Consumers Aren’t Making Connection Between Recycling and Creating New Products
Despite the widespread shortages of toilet paper and paper towels during the coronavirus and the national media attention the shortages received, new research reveals that most consumers fail to make the connection between their recycling of paper at home and its value in providing feedstock to help make new products. That’s according to a recent survey by the Carton Council of North America, a Denton, Texas-based organization composed of four carton manufacturers: Elopak, Evergreen Packaging, SIG Combibloc and Tetra Pak.
The national survey, conducted last month, also revealed that consumers don’t understand the impact between recycling and the new products created from it. When asked how much impact recycling at home has on helping with paper shortages, 33% of consumers reported they thought recycling might have some impact on helping with the shortages, but they were not sure how much it really helped. While 18% felt recycling had no impact at all on alleviating shortages, 13% were unsure and had not thought about the connection.
The good news, regardless, is consumers say they are keeping up their recycling during the pandemic. Almost one-third of consumers (29%) report they have been recycling more during the pandemic and 56% have been recycling the same.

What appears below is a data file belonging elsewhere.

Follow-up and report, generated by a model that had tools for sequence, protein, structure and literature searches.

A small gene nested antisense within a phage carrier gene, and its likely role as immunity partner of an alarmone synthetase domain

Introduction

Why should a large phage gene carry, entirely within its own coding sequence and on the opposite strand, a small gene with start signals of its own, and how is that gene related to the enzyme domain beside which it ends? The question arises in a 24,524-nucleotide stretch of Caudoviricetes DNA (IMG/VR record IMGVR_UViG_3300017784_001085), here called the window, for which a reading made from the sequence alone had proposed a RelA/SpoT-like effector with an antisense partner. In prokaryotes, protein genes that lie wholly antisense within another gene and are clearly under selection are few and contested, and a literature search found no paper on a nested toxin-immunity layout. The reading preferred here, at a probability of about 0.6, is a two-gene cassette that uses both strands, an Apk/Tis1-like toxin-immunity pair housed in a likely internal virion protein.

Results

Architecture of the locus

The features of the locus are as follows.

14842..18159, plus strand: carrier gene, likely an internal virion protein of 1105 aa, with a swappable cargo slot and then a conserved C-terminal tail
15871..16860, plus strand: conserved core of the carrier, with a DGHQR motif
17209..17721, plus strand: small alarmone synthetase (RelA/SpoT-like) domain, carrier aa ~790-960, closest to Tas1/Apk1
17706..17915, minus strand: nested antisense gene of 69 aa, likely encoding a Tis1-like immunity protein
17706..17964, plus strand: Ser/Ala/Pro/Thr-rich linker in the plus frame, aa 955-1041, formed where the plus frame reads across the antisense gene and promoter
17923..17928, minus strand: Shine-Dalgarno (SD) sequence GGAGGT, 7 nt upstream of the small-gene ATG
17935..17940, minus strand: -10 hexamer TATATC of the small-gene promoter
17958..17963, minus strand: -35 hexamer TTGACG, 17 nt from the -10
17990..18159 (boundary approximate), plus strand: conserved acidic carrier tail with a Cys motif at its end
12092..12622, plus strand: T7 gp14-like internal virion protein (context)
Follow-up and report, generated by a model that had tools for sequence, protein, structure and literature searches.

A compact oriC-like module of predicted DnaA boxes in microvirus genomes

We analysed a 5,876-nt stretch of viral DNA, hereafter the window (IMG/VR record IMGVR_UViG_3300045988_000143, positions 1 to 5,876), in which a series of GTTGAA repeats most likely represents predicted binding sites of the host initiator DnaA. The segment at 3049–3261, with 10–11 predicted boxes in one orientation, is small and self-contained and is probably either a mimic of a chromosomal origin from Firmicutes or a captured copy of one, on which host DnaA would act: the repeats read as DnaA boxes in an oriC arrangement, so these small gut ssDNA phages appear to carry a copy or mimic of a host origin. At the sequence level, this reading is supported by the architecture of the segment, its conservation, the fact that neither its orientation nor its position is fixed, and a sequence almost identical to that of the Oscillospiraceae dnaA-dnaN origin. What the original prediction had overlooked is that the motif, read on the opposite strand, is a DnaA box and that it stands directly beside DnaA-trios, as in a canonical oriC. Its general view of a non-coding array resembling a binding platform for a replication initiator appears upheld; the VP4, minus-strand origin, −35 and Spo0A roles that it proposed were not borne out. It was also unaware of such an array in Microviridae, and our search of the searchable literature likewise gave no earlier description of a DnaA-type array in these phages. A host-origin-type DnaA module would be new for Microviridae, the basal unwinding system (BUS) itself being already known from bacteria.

“It’s great to see that people are either continuing to recycle at the same rate or recycling even more since spending increased time at home and generating more waste,” said Carla Fantoni, vice president of communications for the Carton Council of North America and for Tetra Pak Americas. “At the same time, the fact that consumers still aren’t seeing the connection between recycling and creating new products means that as an industry, there’s an opportunity to better educate about the important role it plays in our supply chain and building of a circular economy.”
Food and beverage cartons, made mainly of paper, are a recyclable material that provides needed feedstock for paper mills to create new paper products.
“Food and beverage cartons contain high-quality fiber which we desire to help us keep up with demand for products like toilet paper, tissues, and paper towels,” said Michele Bartolini, senior marketing director for Sustana. “As the nation opens up, we will continue to need paper feedstock to produce new paper materials. If cartons aren’t recycled and end up in a landfill, we are losing the opportunity to utilize that material.”